The Lord is my shepherd, I shall not want.

He makes me lie down in green pastures; he leads me beside still waters; he restores my soul.

So here we have Jesus claiming to be the shepherd, saying that it is through him that we are saved and find pasture, and that he comes to give life in all its fullness or abundance.  The Old Testament echoes are obvious and this is sacrilege in the Pharisees’ eyes.  Jesus was a radical in his day, just as I am sure he would be today.

So what does it mean to be saved, to find pasture, to have fullness of life?  It’s a question that I have been confronting this week, with my family, because my sister has just been diagnosed with breast and bone cancer.  Both my sisters live in the United States and both have claimed to be staunch atheists in the past.  Katherine said to me over the phone this week, “I believe in everything now Roxanne, keep praying for me”.  And Ingrid said “I’ve been doing a lot of meditating Roxanne and directing positive energy towards Katherine, and that’s my prayer, we really believe in the same overall thing, it just looks different!”  For my part, I have just been so thankful to have my faith and to be able to lay my sister’s health in Jesus’ hands and channel our psalm today, Psalm 23.

Which brings us back to our readings and the meaning of fullness of life.  Well one thing we do know about the Gospel of John is that there will always be layers of meaning and today is no exception.  If we look at the meaning in the here and now, in our everyday lives, life in abundance, our green pasture, our still waters, reflect to me that great sense of grace that we receive from Jesus when we accept him into our lives.  That sense, that despite our humanity, our weaknesses and failings, we are loved and accepted by God completely and unfailingly in abundance.  It’s not something we earn, it is something that is there abundantly for everyone by bringing Jesus into our lives.  Our lives, as we live them today, are made complete, are made whole, with Jesus.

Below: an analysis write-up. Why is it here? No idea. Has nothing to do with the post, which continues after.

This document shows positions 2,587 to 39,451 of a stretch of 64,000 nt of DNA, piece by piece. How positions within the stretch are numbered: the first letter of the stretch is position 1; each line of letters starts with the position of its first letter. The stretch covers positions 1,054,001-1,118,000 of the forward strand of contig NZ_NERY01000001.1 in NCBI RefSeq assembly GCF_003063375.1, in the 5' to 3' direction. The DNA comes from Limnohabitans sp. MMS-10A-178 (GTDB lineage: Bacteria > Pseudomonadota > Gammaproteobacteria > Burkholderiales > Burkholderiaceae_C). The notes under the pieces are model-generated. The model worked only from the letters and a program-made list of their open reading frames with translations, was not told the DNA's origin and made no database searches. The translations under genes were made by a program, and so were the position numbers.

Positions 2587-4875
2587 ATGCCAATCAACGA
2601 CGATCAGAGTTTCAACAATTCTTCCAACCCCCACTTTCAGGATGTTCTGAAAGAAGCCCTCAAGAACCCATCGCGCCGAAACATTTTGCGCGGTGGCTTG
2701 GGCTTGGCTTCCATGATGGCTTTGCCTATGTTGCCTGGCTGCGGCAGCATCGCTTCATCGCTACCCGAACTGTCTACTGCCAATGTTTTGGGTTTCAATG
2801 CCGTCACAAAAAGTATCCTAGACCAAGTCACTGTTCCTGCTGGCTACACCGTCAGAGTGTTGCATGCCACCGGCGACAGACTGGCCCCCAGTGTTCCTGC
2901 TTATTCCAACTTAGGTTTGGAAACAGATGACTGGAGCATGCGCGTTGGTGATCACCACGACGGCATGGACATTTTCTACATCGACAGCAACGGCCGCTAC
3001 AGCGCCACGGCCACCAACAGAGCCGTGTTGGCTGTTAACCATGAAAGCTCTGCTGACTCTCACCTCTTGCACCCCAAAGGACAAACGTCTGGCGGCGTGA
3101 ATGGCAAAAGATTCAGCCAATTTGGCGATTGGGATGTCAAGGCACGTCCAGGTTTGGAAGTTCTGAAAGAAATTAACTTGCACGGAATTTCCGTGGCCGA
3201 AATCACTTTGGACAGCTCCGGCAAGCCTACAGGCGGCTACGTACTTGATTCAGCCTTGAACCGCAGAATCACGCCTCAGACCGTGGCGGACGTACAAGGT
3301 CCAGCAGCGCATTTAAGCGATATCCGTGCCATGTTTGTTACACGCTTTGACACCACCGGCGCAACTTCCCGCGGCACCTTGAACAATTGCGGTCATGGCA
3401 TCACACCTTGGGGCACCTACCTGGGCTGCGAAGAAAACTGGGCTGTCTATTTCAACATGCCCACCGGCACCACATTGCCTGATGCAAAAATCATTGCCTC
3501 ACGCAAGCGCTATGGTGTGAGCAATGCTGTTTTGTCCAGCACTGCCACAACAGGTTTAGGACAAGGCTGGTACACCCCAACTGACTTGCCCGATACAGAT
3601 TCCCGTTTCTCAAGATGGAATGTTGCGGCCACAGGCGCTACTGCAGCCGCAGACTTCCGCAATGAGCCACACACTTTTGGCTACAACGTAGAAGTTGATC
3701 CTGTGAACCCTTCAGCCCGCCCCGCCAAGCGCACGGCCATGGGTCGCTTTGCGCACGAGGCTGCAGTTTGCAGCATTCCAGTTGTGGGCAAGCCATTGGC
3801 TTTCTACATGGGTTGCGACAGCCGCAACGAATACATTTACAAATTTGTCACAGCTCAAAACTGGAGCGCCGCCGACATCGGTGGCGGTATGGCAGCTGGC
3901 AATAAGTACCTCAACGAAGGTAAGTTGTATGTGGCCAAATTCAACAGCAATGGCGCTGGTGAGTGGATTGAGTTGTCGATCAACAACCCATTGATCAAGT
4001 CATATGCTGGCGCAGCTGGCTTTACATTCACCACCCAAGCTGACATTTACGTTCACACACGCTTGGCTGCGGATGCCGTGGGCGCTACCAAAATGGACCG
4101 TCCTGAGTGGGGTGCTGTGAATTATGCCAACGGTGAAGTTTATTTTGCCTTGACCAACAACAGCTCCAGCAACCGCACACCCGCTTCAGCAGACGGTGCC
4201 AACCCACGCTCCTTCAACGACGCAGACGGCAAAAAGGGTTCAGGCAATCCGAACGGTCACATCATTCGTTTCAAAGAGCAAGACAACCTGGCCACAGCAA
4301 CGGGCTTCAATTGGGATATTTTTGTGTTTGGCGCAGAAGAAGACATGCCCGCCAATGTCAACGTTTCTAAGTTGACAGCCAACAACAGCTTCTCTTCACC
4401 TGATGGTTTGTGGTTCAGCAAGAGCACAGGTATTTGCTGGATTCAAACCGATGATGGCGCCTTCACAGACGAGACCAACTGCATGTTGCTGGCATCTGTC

But John was also pointing to another meaning in our Gospel today.  Further down in chapter ten, he elaborates on the meaning of abundance and his good shepherd identity.  In verses 27-30 he says:

“My sheep hear my voice. I know them, and they follow me.  I give them eternal life, and they will never perish. No one will snatch them out of my hand.  What my Father has given me is greater than all else, and no one can snatch it out of the Father’s hand.  The Father and I are one.”

Well this is indeed Good News!  It’s actually the central theme of the Gospel. Life in abundance is also eternal life.  And Jesus and God are one.  And no one and nothing can take us away from God when we accept his saving grace.  What a comfort this is, in good times and bad.

So how do we use this teaching in our day to day life journey?  Perhaps after church, even over coffee, you can ask yourself, your friends and family what does life in abundance mean to you?  And how does God bring you fullness of life?  What has God’s Grace meant in your life?  And perhaps then, you can ask yourselves, how can I share this abundance, this overflowing love that God gives to us all?       Let’s end in prayer.

Loving and gracious God, we give you thanks for the abundance in our lives and everything that comes from you.  We pray that as we continue our Easter journey, that you will guide us in spreading your love among our family, our friends and those we encounter in our lives.  In Jesus name we pray, Amen.